2. The second type of discrimination occurs because we tend to fall for stereotypes. This can be conscious or unconscious bias. It is not unlikely to see candidates getting discriminated against based on their cultural differences. For example, hiring managers often fall to recruit and hire candidates who are young, extrovert, and energetic. You may even come across job advertisements that say “looking for young and energetic candidates.” And there you go. Without even realizing you are biased towards young candidates.
3. Are you picking the most experienced candidates? Often hiring managers tend to choose more experienced candidates who need little or no training. Although there is no harm in it, you overlook potential candidates who might not have the necessary experience but maybe a better fit for the job. With some training, they can even outperform experienced candidates. This happens partly when hiring is reactive. You are in a hurry to fill up a vacant position and do not want to invest time training a less experienced candidate. But when your hiring is proactive, you train your candidates and make them future-ready. So, you don’t end up filling the open position in haste but have enough time to pick the right candidate.
4. And it doesn’t end there. Hiring biases are not just done by humans but by machines too. With the growing popularity of technologies like machine learning and artificial intelligence, it is no secret that recruiters often turn to such computer programs to sort resumes. While many programs remove the demographic data or names of candidates, such learning algorithms are trained to pick up candidates as they are trained to do. Thus, a new type of recruitment bias has crept in hidden under these data sets.
Should I worry about hiring bias?
As a young company, you’re tempted to follow the industry protocol for hiring candidates. But is biasness taking over your hiring decisions? If yes, do you need to worry and do something about it? Well, yes. Remember,
Hiring bias = Wrong hire
Hiring bias can lead to too many wrong hires, which can impact the company’s bottom line in the long run. Let’s take a deep dive and understand what wrong hires can lead to
Hiring Biases can lead to
Early employee turnover
If you’re noticing too many early employee turnover rates, it is time to check if your hiring process is right. Whether employees are leaving on their own or you’re forced to ask them to leave, employee turnover means a complete waste of money and time. Bias hiring can lead to hiring the wrong employees who may be a misfit for the organization. High employee turnover means you need to revisit and check any biases in your hiring process.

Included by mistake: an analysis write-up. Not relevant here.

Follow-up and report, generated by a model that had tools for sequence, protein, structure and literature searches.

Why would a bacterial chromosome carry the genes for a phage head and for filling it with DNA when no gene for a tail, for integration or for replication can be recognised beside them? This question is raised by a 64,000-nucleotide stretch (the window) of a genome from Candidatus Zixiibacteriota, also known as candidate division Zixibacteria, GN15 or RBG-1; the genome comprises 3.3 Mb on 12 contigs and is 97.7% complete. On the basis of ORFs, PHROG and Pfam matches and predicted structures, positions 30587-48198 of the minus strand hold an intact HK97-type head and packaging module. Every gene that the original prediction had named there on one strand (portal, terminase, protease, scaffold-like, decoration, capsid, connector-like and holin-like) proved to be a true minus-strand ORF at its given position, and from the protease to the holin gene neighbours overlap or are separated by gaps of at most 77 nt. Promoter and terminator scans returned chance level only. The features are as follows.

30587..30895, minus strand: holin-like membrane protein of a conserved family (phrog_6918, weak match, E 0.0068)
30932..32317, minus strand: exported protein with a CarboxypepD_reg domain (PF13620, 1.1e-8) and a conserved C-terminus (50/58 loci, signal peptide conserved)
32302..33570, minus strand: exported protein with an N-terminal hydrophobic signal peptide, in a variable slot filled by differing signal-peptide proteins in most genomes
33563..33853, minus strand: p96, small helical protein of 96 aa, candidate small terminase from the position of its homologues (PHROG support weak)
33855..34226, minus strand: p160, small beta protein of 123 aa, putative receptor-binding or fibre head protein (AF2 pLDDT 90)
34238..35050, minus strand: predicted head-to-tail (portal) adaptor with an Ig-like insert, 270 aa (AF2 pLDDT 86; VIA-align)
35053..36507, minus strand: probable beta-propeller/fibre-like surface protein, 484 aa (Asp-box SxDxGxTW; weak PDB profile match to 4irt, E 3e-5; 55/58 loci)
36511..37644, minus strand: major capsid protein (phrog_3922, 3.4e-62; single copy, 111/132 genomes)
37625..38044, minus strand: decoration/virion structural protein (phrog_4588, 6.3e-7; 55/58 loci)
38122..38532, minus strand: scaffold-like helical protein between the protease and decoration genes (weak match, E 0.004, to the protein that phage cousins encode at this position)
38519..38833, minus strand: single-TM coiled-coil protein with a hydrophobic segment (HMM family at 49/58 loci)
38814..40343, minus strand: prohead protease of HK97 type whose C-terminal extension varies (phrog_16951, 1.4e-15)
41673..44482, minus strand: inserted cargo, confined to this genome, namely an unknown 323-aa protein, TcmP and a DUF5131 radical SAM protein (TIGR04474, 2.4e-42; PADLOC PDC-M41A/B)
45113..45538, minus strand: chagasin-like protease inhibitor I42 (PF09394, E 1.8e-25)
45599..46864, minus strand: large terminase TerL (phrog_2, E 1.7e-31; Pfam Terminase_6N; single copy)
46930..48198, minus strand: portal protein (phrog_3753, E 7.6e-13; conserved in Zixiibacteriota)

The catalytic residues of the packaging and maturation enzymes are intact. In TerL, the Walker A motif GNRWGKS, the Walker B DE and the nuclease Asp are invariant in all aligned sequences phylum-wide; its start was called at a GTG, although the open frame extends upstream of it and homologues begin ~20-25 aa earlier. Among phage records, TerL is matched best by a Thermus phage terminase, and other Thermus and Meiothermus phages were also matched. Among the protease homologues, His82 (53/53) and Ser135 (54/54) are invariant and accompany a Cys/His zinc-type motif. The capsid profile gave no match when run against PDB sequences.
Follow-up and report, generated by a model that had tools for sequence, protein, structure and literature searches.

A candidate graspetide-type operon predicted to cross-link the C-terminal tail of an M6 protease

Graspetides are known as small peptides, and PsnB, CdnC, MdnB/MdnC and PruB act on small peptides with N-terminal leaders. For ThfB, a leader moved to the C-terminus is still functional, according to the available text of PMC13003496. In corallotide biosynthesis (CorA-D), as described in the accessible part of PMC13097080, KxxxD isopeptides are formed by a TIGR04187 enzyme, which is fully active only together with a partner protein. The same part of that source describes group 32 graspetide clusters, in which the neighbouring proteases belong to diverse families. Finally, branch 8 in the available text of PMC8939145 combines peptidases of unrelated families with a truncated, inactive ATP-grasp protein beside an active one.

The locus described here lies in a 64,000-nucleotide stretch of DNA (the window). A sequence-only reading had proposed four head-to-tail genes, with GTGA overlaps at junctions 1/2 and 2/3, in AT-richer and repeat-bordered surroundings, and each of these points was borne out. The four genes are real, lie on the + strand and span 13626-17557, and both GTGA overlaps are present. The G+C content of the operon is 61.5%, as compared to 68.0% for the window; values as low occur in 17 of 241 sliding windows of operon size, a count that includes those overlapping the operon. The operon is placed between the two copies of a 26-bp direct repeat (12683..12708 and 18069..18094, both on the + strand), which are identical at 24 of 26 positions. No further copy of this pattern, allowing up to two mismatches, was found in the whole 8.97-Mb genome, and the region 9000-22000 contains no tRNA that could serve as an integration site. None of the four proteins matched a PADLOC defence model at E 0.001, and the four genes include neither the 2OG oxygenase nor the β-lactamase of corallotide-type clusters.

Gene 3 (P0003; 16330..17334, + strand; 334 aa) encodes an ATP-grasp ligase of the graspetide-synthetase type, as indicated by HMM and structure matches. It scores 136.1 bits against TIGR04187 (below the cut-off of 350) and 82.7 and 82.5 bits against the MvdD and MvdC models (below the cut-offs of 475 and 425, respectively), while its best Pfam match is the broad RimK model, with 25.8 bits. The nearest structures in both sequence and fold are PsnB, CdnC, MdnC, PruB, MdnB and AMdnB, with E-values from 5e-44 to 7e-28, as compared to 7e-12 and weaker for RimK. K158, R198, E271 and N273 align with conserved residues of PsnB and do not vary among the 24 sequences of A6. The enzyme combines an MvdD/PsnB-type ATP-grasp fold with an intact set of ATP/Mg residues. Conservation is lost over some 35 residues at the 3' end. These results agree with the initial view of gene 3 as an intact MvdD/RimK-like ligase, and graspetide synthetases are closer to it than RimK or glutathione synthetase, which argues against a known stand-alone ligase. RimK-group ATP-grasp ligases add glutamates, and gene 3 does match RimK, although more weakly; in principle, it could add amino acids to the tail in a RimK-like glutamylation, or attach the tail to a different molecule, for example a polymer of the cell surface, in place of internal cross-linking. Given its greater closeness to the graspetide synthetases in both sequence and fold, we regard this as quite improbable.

Prevent diversity in the workforce
McKinsey published a report called Diversity Matters, which looked across 366 companies in different US, UK, Canada, and Latin American industries. Their findings stated that companies with racial and ethnic diversity were 35 percent more likely to have financial returns over the national industry median. Their results also clearly showed that companies with gender diversity were 15 percent more likely to have financial returns over the national industry median. Bias stops from having a diverse workforce. On the other hand, a diverse workforce allows you to bring different perspectives and fresh approaches to the table.
Potential legal consequences
Biased interview questions and hiring decisions based on biases can expose your business to expensive lawsuits.
Top talents refrain from applying
If you have already earned the reputation for biased hiring, you will probably discourage top talents from applying for any future jobs.
Loss of reputation
Eventually, you lose your reputation not just in the job market but to your prospective clients too.
What can you do to avoid hiring bias?
Good news! Hiring biases can be avoided if you’re mindful of it. Let’s take a deep dive into your existing recruitment process to understand how you can remove the scope of hiring biases.
Begin with awareness training among hiring managers and recruiters. Many times, they are not aware of their biases and make hiring mistakes unconsciously. Once they are aware of their personal biases, they are better prepared to tackle the situation. Recruit candidates based on skill tests. Skill tests are a direct approach to shortlist candidates purely based on their skill sets. Instead of leaving the hiring decision to a single person, involve multiple people in the recruitment process. Doing so will eliminate the chances of hiring mistakes. Create a standardized set of questions to remain fair to all the candidates during the interview process.
Hiring should always be part of your long-term strategy, not a quick fix to an immediate problem.
- Steven J. Bowen, Author of Total Value Optimization: Transforming Your Global Supply Chain Into a Competitive Weapon
Remember, recruitment biases are common. Recruitment biases always lead to poor decisions and poor hiring which can be costly to the organization. However, the good news is you can refrain from hiring biases and do fair hiring. Hiring biases can be easily avoided when you carefully look at your hiring process, identify the problem areas, and work towards rectifying it. Having a supportive people culture is the first step towards removing biased hiring. Want to know more about it? We will talk about it in detail in our next article.